Abstract: In this paper we integrate the costs of trade finance in a computable general equilibrium (CGE) model to evaluate the trade and output effects of counterfactual policy experiments on costs of and access to trade finance. The costs of financing international trade consist of two components: the financial costs and the costs associated with the risk of goods not being delivered, considering risk aversion of traders. These costs are determined for four ways to finance international trade (cash-in-advance, trade loans, letters of credit, and exports financed with internal working capital). Trade finance costs are a weighted average of the costs under the four different ways of financing. The framework is applied to trade of four ECOWAS countries employing data collected on financial costs, costs of risk and trade finance instrument shares through a comprehensive bank survey in these countries complemented with data from the literature. Counterfactual experiments on increases in the availability of letters of credit and trade loans and the costs of these instruments show that raising the shares and costs to African averages would increase trade of the four ECOWAS countries by about 11%. The framework is generic and can be applied to other countries.
    Keywords: Trade credit, international trade, financial institutions, general equilibrium simulations
    JEL: F10 F14 F39 G21
    Date: 2023
  6. By: Wayne Wan
    Abstract: Institutional investors’ irrational familiarity bias can dominate their information advantage under adverse performance shocks to the home assets in their portfolios. Using data of U.S. REITs from 1993 to 2015 and the events of public non-REIT firm acquisitions, this paper investigates how institutional investors react to the geography-specific shocks to home assets. Equity REITs perform worse if they hold more properties in counties where the acquired non-REIT firms are located. Ifthe value of properties that a REIT owns in the target county increases by 10 percentage points, its abnormal return (alpha) decreases by 14.7% in one month after the acquisition announcement. This negative impact is more prominent if the REIT owns more offices than other types of properties in the county, or if the acquired firms are larger than other remaining public firms in the county. Also, the REIT’s return on asset and dividend yield decrease by 6.4% and 5.4% in the next quarter. However, using a difference-in-differences model, I find that institutional home investors are less likely than institutional non-home investors to lower the holdings of affected REITs after the acquisitions. This familiarity bias is stronger if the investors are closer to the affected properties or implement more active investment strategies.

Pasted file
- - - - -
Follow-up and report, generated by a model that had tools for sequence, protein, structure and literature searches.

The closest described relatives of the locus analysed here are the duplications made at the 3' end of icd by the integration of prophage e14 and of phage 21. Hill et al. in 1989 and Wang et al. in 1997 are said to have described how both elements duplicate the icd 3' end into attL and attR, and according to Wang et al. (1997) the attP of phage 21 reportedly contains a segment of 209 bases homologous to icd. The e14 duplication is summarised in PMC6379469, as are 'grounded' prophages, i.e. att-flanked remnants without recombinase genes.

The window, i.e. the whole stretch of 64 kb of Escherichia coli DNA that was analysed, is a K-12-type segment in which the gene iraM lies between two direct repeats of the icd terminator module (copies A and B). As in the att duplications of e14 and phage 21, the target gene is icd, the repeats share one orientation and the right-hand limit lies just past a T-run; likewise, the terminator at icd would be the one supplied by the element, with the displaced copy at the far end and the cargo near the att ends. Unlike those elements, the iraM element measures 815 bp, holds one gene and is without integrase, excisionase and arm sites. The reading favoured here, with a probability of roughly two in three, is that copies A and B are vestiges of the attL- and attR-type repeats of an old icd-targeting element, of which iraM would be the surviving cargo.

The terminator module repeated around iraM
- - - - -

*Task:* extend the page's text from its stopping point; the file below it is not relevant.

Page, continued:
Keywords: familiarity bias; Institutional Investors; Mergers and acquisitions; REIT
    JEL: R3
    Date: 2022–01–01
  7. By: Qingqing Cao (Michigan State University); Paolo Giordani (LUISS University); Raoul Minetti (Michigan State University); Pierluigi Murro (LUISS University)
    Abstract: Online appendix for the Review of Economic Dynamics article
    Date: 2023